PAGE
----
Three C-Words of Web App Security: Part 1 – CORS

For those less versed in web applications and how they’ve evolved, I wrote a sort of prologue to this post back in April 2018, titled A Brief Evolution of Web Apps.

This is the first in a three-part series, Three C-Words of Web Application Security. This one will deal with CORS, while the next will discuss CSRF, including its similarities to attacking a broken CORS policy and what makes it different. The third, and final post in the series will address Clickjacking, and the role it can play in CSRF exploitation.

CORS (cross-origin resource sharing) is actually a policy that loosens a security control called the Same-Origin Policy, or SOP for short. Therefore, in order to understand CORS, we must first understand the SOP.

Certain types of requests are considered lower-risk and are therefore allowed to be cross-origin by default. A few examples are the HTTP Get request generated when an <img> or <script> tag is handled by the HTML rendering engine. Another example is a standard HTML <form> submission. These are generally considered safe because the content is not sensitive or is not directly exposed to the page that called them. In the classic cross-origin form POST scenario, as soon as the form is submitted, the browser essentially navigates to the domain that was submitted to anyway. The response is never passed back to the page that initiated the call, unless the server processing the request explicitly redirects the browser back there.

Other types of request are more high-risk, and are subject to the same origin policy. Typically, these are the XMLHttpRequest (XHR) or more recently the fetch JavaScript APIs. These allow the script executing on the current page to issue HTTP requests and to receive the responses to those requests. One of these APIs, usually XHR, also underpin any library-specific implementations of issuing HTTP requests via browser-based JavaScript, such as jQuery’s $.ajax function. Because these fall under Same-Origin Policy, the browser enforces some security around them.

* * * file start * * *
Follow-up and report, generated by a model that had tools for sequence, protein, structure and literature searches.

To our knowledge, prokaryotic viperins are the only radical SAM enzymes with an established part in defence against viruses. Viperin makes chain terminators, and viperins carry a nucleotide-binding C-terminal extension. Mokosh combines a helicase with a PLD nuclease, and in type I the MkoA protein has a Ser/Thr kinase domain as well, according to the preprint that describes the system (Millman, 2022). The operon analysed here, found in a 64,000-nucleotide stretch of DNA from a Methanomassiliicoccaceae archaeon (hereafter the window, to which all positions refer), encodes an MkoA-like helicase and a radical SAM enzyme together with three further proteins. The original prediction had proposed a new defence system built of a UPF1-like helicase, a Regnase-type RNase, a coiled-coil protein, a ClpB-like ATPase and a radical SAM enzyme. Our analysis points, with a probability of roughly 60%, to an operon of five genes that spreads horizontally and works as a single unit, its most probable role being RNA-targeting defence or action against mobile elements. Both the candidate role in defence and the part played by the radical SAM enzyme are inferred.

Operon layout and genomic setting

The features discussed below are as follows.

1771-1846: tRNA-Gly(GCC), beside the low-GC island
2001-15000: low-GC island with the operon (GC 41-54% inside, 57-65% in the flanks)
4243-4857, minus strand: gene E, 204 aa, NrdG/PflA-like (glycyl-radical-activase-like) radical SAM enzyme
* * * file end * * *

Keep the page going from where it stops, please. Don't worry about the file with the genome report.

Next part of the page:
For simple requests, the browser issues the request, but blocks the response from being handed to the JavaScript through low-level code, if the request was sent to a server at a different origin than the current page. The origin is defined as the unique combination of protocol (http or https), hostname or IP address, and port number. XHR and Fetch requests include an origin header showing the origin of the page issuing the request. For more complex requests, such as those with less common HTTP methods or those with custom headers, a CORS preflight request would be sent first. But let’s set preflights aside for the moment and elaborate on the more simple case.

What if we want, for example, our https://myapplication.secureideas.com modern web app to interact with https://api.professionallyevil.com? The Same-Origin Policy is in our way. It’s preventing our application from being able to receive responses from the API. And that’s where the CORS policy comes in. We can loosen our enforcement of same-origin policy by including response headers such as:

access-control-allow-origin: https://myapplication.secureideas.com

This tells the browser that it can make an exception to the Same-Origin Policy if it’s issuing a request from https://myapplication.secureideas.com. In other words, it’s okay to pass the response to the JavaScript. This is a CORS policy, with access-control-allow-origin being the most common CORS header. Now, at this stage, there’s potentially one problem if our API relies on Authentication request headers or on cookies to establish the requestor’s identity. They will not be included in the XHR or fetch request by default. And if we specify the withCredentials flag that instructs the browser to include auth headers and cookies, the Same-Origin Policy kicks in again and refuses to pass the response to the JavaScript. Because allowing the origin is not enough to include these credentials, the response needs to contain another CORS policy header: